Maybe I’m just jaded by my own life experiences and I forget how eager some people are to have anyone faintly resembling an expert present any form of scientific data to support psychic realities. If you are the type to watch TV’s show Ghost Hunters and wish you had all the cool tech stuff to track ghosts, then you will probably find the book Suddenly Psychic a excellent read. If you tend to agree with my earlier posts, then you’ll understand my disappointment in the book.               

                For starters, by page four you realize this book is really about Maureen’s experience with the Monroe Institute (or TMI). Listen up people---you, too, can have psychic experiences if you want to spend five days at TMI, immersed in the latest "Hemi-Sync technology for integrating your brain functions."  It should be noted there are multiple classes offered and they all seem to run $2,000 apiece. Obviously, Maureen was convinced multiple courses were worth her time and money.  She even started teaching classes. Maybe this is why the book seemed to be more a promotional book for the TMI program than a self-inquiry into deep inner truths.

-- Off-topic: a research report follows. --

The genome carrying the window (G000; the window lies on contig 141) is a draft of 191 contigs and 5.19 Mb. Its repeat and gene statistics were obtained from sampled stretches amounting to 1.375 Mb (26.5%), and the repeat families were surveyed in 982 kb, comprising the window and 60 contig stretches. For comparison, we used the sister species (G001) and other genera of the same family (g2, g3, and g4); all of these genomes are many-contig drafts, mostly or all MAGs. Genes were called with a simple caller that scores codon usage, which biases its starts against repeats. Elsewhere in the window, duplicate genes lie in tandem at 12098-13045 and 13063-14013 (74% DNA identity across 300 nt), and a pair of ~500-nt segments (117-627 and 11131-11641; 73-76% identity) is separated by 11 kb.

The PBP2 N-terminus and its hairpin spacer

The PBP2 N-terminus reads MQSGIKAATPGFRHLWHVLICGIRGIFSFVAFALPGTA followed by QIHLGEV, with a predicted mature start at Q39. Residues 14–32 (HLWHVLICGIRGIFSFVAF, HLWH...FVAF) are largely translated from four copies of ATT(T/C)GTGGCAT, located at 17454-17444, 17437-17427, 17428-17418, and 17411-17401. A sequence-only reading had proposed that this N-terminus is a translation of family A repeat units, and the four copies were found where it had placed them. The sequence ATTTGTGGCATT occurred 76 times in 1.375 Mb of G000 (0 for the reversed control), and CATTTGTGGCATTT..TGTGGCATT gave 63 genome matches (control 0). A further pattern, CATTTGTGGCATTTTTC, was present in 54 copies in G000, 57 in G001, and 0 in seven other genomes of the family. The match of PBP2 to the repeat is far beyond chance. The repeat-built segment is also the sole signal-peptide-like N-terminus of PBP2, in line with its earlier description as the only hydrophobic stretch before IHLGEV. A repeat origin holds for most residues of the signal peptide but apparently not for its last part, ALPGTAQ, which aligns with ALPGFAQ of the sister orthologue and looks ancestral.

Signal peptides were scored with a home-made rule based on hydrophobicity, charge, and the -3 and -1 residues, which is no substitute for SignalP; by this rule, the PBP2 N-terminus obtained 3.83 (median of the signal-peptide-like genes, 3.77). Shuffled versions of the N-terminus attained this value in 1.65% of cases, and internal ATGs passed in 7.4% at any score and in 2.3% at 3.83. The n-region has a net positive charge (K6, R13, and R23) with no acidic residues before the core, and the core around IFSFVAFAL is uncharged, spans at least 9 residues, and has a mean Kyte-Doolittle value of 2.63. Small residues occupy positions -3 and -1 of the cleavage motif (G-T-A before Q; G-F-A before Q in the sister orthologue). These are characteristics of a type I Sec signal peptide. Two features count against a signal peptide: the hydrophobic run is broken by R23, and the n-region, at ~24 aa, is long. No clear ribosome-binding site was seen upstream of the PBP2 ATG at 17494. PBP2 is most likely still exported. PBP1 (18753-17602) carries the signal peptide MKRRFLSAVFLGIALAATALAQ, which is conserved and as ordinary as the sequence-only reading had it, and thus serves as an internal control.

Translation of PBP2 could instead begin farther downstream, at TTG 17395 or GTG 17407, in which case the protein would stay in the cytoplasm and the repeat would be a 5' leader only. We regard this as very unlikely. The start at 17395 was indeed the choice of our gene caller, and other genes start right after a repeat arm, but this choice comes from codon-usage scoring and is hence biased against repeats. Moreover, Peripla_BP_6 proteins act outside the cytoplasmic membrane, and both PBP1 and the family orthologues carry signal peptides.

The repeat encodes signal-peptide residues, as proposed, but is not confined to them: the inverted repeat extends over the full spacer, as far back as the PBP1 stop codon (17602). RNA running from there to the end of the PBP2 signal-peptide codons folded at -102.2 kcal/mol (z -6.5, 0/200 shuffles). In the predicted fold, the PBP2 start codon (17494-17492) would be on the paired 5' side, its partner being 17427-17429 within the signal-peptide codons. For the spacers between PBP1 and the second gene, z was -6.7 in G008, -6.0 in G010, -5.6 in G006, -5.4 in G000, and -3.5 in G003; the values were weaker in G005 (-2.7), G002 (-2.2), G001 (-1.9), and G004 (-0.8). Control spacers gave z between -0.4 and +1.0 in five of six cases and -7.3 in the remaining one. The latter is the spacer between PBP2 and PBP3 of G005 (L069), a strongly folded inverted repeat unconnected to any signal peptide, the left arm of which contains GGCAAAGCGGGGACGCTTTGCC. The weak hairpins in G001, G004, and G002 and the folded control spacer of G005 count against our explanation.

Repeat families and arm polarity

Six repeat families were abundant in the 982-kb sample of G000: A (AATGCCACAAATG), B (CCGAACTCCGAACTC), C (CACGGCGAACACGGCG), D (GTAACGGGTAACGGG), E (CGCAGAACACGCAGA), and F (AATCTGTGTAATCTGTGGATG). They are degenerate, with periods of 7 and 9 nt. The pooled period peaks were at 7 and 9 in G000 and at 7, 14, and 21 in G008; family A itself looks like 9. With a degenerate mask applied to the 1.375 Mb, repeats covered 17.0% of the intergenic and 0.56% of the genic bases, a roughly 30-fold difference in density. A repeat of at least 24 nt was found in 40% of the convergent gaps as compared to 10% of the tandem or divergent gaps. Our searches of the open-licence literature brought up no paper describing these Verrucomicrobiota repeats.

My complaint is not directly with the program or the money. It is certainly better than tripping out on chemical ingestions to get “high.” I get no gut-level feeling that the TMI experience is a hoax or an hallucination. People undergoing the program claim to experience altered states of consciousness; they learn to repeat some of these states when on their own; experiences in the program make them rethink their previous mindset.

              But this book was such a torture for me to read.  Every time I picked up the book I grew impatient with TMI jargon. There was a glossary and breakdown of the program levels at the back, but I grew impatient with page after page of the following:

              “. . . From then on in the program and for several weeks thereafter, I completely bypassed F-12 and F-15, choosing to go to higher levels straight from C-1. I was leaping from C-1 to F-27 and above with no stops in between lest I get hijacked again . . .”